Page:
Thursday, November 28, 2019
US District Court for District of Massachusetts holds that injuries to woman kidnapped, held against her will and sex trafficked come within exclusion for false imprisonment
Lisa Ricchio alleged that she was kidnapped by Clark McLean in 2011, that he held her captive and raped and abused her for several days at the Shangri-La Motel, and that he made clear to her that he intended to force her to work as a prostitute.
The motel was owned by Bijal, Inc. Ashvinkumar and Sima Patel worked and lived at the motel at the time. Ricchio alleged that Bijal and the Patels were aware of McLean's abuse of her and profited from it. She brought a civil lawsuit against them under the federal Victims of Trafficking and Violence Protection Act of 2000 (TVPA) and the Trafficking Victims Protection Reauthorization Act of 2003 ((TVPRA).
Peerless Indemnity Insurance Company insured Bijal. In Ricchio v. Bijal, Inc., 2019 WL 6253275 (D. Mass.) (unpublished), the United States District Court for the District of Massachusetts considered Peerless's motion for summary judgment in its declaratory judgment action on its duty to defend and indemnify.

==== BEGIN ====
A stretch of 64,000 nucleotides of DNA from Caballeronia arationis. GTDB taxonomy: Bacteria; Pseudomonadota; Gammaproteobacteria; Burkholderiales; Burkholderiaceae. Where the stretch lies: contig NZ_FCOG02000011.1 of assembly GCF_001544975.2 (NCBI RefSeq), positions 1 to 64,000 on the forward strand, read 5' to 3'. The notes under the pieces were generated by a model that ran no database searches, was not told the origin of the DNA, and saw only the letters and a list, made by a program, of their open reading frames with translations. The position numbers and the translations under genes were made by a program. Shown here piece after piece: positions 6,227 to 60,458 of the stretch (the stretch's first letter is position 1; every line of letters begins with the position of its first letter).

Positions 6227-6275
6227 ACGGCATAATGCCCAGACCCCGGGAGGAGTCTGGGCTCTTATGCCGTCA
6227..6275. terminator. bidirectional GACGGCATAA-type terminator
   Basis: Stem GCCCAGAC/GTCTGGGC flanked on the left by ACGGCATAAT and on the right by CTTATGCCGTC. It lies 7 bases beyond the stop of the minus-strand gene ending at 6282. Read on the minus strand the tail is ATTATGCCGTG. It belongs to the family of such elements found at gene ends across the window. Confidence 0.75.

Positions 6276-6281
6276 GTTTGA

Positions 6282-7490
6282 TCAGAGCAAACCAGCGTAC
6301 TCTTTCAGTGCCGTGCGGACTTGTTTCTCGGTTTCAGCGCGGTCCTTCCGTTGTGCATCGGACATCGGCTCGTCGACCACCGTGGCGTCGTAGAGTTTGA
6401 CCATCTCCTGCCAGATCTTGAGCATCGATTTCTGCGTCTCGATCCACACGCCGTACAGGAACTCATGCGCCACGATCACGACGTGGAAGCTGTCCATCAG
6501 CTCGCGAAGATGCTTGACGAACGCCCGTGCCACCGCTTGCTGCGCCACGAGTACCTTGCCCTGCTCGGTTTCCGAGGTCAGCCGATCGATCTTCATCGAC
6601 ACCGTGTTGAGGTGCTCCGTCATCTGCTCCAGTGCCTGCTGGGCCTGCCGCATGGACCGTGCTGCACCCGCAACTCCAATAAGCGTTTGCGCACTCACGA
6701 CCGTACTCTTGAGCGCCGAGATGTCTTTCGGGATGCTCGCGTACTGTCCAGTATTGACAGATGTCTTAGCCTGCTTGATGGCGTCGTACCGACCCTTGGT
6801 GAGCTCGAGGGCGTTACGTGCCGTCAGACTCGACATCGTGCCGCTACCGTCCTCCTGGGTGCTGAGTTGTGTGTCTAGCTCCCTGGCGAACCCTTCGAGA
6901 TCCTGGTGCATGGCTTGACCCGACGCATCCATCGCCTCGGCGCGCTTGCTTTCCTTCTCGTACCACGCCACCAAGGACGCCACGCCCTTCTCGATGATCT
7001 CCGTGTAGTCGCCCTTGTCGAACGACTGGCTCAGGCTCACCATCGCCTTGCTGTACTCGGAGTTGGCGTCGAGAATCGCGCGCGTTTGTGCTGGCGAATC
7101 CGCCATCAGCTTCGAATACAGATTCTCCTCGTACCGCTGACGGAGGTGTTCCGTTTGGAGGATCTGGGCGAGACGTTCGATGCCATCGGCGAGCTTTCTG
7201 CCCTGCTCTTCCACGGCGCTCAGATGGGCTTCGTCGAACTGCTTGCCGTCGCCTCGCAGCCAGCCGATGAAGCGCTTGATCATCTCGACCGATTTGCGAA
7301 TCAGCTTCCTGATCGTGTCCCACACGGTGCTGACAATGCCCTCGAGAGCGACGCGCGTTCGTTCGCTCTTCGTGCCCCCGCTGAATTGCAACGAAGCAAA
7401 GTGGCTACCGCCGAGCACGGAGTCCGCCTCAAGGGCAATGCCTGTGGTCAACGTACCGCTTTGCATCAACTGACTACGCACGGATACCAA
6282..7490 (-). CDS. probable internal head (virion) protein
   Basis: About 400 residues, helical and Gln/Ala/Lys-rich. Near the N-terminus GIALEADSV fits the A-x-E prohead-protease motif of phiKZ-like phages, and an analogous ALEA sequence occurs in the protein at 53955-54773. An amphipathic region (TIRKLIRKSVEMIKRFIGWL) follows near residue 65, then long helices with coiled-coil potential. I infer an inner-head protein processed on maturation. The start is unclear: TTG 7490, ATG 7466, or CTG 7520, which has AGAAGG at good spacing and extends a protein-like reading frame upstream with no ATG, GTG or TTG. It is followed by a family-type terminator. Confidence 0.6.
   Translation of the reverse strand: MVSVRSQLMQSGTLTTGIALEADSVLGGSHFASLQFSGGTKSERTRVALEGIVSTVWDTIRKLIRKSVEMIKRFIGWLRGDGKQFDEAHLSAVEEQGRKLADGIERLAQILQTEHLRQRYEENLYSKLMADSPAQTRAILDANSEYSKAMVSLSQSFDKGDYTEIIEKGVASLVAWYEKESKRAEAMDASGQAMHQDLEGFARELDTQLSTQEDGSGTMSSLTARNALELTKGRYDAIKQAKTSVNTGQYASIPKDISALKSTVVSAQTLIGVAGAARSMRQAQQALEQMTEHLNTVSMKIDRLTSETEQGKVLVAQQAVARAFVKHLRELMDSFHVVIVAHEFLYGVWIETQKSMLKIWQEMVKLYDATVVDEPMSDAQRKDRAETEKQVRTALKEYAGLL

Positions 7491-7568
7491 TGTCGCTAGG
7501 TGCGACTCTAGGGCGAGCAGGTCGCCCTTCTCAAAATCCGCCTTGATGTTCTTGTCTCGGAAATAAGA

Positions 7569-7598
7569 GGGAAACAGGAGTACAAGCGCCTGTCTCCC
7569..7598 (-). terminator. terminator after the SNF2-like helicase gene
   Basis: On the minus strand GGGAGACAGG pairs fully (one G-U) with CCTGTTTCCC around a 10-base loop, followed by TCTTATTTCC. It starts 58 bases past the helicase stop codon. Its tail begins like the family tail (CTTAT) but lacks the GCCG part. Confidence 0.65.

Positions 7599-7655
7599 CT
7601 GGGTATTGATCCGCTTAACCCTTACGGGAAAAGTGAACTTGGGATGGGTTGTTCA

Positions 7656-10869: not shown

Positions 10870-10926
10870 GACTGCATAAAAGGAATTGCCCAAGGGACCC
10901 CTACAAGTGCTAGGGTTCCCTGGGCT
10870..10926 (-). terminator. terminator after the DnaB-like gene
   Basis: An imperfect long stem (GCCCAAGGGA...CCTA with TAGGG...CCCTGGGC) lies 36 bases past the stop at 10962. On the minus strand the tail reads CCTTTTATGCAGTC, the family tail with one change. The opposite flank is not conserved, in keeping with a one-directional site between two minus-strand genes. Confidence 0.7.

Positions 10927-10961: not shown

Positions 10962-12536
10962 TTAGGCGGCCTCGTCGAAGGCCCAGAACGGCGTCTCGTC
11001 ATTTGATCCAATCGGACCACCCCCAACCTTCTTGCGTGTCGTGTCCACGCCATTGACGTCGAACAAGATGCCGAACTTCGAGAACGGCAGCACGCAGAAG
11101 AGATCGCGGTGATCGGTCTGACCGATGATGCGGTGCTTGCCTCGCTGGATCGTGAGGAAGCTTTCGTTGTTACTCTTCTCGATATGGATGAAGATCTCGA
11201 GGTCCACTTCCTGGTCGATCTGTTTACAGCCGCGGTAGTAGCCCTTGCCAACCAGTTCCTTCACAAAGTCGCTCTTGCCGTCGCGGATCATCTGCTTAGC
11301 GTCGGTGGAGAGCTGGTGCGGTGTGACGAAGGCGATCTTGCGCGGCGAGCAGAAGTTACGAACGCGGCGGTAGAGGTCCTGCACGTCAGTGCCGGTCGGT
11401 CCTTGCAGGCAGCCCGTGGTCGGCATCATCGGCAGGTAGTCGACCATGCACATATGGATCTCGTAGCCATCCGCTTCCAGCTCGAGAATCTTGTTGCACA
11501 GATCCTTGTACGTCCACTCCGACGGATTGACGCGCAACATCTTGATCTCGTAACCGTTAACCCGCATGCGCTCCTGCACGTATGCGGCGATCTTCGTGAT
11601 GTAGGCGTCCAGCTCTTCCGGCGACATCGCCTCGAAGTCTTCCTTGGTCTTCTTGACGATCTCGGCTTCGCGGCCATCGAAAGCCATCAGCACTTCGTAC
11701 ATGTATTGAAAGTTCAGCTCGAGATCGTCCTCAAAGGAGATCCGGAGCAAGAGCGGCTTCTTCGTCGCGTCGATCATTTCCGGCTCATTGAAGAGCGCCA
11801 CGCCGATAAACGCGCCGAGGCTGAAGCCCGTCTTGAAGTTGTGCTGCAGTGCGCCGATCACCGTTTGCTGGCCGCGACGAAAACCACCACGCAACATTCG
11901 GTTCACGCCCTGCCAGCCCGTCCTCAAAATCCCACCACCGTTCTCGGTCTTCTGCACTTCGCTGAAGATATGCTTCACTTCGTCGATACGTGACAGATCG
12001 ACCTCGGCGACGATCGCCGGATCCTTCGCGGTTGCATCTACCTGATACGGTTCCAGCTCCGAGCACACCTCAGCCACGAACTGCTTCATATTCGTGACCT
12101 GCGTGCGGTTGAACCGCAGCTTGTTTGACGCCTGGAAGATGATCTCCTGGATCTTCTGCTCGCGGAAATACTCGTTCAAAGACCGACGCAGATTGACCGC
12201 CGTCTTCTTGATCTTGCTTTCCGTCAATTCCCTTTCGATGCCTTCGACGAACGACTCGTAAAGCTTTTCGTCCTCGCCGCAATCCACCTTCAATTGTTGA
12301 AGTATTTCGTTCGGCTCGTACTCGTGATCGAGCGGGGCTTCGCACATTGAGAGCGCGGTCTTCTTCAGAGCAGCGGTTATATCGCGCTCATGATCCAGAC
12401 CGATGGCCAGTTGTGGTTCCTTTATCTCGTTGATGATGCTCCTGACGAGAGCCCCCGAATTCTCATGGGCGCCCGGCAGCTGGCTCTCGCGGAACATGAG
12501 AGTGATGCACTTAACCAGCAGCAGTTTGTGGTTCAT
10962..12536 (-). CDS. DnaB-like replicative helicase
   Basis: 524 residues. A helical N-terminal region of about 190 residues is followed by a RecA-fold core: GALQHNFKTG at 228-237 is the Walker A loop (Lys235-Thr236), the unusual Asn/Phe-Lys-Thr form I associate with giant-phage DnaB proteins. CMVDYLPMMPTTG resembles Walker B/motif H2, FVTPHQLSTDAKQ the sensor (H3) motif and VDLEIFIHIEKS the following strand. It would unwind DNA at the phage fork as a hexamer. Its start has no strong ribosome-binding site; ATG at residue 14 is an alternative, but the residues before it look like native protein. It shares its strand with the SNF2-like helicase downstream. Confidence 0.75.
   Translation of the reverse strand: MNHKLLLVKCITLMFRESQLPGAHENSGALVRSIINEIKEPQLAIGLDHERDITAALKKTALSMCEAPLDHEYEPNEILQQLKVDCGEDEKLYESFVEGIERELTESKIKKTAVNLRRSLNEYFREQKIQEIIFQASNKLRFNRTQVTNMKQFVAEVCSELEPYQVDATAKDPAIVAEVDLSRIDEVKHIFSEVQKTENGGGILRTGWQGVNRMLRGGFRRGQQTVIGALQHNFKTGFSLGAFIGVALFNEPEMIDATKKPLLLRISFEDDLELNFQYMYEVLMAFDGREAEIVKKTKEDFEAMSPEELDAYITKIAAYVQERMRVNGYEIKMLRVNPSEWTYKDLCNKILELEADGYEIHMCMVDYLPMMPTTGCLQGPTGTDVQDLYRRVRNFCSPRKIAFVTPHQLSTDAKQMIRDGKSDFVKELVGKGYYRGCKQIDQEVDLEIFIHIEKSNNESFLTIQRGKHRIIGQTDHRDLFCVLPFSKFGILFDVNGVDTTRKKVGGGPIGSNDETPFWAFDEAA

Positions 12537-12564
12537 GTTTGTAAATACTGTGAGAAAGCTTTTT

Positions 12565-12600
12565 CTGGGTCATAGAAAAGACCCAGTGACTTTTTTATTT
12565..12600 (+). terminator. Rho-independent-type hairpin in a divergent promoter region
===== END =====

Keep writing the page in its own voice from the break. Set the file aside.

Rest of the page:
The court first held that Ricchio had standing to oppose Peerless's motion for summary judgment even though she was not an insured, because she had an interest in defining the scope of insurance coverage separate from the interest of the insured.
The court next addressed whether bodily injury coverage (Coverage A) was excluded by an exclusion for "bodily injury arising out of personal . . . injury." The policy defined personal injury as including "injury, including consequential 'bodily injury,' arising out of one or more of the following offenses: . . . False arrest, detention or imprisonment."
Peerless argued that all of Ricchio's claims "arose out of" her "false imprisonment" and therefore came within the exclusion. Ricchio argued that the source of her personal injury was not her false imprisonment, but rather McLean's act of trafficking her. The court held that her injuries arose of of both the trafficking and the false imprisonment. The court held that it was irrelevant that the policy contained an asbestos exclusion that excluded injury "arising, in whole or in part, either directly or indirectly out of" asbestos. If the policy had such broad language in a clause applying to false imprisonment, then the false imprisonment exclusion could be read more narrowly.
The court then addressed whether there was coverage under Coverage B, Personal Injury Liability. I will discuss that in my next post.